The last Hocking Valley coal baron is undoubtedly the most complex--William P. Rend of Chicago. Born about 1824 and of an Irish background, Rend played the role of a lone wolf among operators. He lived in Chicago and in 1844 headed that city's Irish Republican Club. He operated four mines in the region--two at Rendville, one at Jacksonville, and one at New Straitsville. During the strike of 1884, Rend kept his mine at the latter location open and paid his men their asking price of 70 cents per ton. The miners argued that this proved that operators could indeed afford this amount. The operators charged that Rend profited at their expense, since their mines were either closed or utilizing the less efficient labor of strikebreakers. Had the other mines been in operation, complained the remaining coal barons, Rend would not have paid the high wage. Whatever the economics of the situation, Rend enjoyed great favor among working miners and testified on their behalf at the legislative investigation hearings of 1885. The one person interviewed who recalled seeing Rend said that crowds of small children, including herself, followed him as he walked about the streets of Rendville on periodic visits. She also recollected that the long lines of his own railroad cars leaving town bearing his name "W. P. Rend" constituted a source of community pride. While it is difficult to judg e whether Rend really held more enlightened views on labor questions or that he merely followed clever business practices, there can be little doubt that he gained more popularity than any other coal operator among workingmen in his own lifetime.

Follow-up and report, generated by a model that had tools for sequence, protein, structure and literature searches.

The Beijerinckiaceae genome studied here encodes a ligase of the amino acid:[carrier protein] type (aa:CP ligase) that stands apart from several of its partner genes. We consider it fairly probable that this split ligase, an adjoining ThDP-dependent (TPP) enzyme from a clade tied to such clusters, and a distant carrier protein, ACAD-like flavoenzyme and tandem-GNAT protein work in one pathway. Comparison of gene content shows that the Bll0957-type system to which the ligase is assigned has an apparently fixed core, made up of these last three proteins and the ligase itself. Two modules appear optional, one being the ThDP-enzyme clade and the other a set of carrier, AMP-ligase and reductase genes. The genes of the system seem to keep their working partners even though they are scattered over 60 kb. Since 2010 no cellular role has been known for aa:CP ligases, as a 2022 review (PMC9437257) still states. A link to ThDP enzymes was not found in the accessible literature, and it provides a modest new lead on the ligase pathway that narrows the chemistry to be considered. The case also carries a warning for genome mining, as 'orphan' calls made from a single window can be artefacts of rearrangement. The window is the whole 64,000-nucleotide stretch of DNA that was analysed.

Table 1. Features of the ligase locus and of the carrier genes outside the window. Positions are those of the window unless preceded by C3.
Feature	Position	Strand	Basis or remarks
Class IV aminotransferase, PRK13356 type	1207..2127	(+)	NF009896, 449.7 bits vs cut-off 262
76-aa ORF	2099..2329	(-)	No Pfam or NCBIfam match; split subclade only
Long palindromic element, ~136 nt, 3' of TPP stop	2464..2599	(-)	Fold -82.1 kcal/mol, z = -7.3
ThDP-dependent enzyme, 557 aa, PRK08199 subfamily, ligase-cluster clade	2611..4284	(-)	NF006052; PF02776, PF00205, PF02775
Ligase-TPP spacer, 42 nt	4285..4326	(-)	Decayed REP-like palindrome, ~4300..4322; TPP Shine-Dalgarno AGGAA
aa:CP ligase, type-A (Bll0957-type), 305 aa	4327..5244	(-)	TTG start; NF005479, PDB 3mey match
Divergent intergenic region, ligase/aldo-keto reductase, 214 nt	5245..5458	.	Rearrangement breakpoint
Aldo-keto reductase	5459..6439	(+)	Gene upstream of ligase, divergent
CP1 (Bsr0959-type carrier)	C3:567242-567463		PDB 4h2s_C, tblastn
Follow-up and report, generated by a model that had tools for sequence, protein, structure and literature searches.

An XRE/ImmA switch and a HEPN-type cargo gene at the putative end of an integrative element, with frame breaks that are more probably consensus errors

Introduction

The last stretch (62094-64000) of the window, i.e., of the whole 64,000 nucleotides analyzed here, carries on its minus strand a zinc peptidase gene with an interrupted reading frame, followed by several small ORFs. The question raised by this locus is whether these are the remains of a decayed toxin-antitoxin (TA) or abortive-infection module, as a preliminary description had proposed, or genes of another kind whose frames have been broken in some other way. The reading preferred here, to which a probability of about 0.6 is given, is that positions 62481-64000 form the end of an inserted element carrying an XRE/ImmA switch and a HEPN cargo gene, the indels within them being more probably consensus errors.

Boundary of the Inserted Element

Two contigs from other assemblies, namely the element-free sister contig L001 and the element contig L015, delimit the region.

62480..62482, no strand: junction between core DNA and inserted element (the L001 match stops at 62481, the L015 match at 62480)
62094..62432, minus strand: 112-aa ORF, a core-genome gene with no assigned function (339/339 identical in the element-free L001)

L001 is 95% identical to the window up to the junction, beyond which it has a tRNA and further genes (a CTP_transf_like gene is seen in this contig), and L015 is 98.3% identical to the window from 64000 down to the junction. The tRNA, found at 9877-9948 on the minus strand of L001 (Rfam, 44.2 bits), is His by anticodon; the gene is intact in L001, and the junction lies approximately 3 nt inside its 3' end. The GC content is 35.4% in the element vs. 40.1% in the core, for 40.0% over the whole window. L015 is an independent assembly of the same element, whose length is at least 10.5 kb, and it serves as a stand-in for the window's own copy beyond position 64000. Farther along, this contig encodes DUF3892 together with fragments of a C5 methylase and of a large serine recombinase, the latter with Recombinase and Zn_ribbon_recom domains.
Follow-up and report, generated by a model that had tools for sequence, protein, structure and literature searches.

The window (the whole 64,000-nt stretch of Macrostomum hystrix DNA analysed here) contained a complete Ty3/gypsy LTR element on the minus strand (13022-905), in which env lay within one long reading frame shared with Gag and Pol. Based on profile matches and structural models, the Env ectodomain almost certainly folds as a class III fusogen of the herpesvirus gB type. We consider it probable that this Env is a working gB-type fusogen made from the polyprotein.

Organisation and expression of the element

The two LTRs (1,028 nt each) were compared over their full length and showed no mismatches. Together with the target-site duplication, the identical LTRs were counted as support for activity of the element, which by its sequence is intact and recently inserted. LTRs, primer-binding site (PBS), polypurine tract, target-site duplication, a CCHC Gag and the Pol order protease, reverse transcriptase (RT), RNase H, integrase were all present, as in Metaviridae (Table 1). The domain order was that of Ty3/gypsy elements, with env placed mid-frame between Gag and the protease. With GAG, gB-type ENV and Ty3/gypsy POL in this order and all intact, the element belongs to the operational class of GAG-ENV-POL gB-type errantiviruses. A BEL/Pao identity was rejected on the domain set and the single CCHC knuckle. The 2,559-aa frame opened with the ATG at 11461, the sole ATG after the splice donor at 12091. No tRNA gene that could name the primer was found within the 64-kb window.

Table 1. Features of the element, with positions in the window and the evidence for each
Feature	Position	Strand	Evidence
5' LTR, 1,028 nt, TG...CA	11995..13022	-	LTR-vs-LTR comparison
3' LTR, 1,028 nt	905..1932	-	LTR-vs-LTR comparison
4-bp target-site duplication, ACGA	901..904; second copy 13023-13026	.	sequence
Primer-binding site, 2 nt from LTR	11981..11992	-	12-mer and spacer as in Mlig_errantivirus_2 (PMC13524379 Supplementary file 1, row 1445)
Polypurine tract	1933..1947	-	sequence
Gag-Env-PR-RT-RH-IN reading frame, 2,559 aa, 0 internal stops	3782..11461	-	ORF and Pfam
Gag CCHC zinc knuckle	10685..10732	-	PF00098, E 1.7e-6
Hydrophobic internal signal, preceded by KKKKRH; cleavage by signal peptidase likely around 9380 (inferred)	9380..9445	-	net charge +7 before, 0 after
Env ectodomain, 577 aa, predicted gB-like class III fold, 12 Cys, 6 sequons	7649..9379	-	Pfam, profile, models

In Jackson County coal fields Horace L. Chapman became one of the foremost coal operators. Born in 1837 in Allegheny County, New York, Chapman came to Portsmouth in 1854 and to Jackson in 1865. Two years later he organized the First National Bank of Jackson and subsequently helped to promote railway connections to the county's mineral regions. With the coming of these rail lines, Chapman became president of the Chapman Mining Company. By 1895, Chapman owned three large mines and employed some 300 miners. In addition to his business activities, Chapman took an interest in Democratic Party politics and in 1897 obtained the nomination for governor. He faced a tough fight against incumbent Republican, Asa Bushnell. The latter benefitted from recent aid and sympathy he extended to Ohio miners during a recent strike. Chapman, on the other hand, suffered from charges that he unfairly treated his employees. The accusation that he received $72.00 in annual rents form low quality company houses that cost only $38.00 to construct proved especially damaging. Although claims made against Chapman may not have all been true, his failure to successfully refute them certainly hurt his image. Nonetheless, Chapman attracted a larger vote in mining areas than his predecessors albeit more at the expense of Populists than Republicans.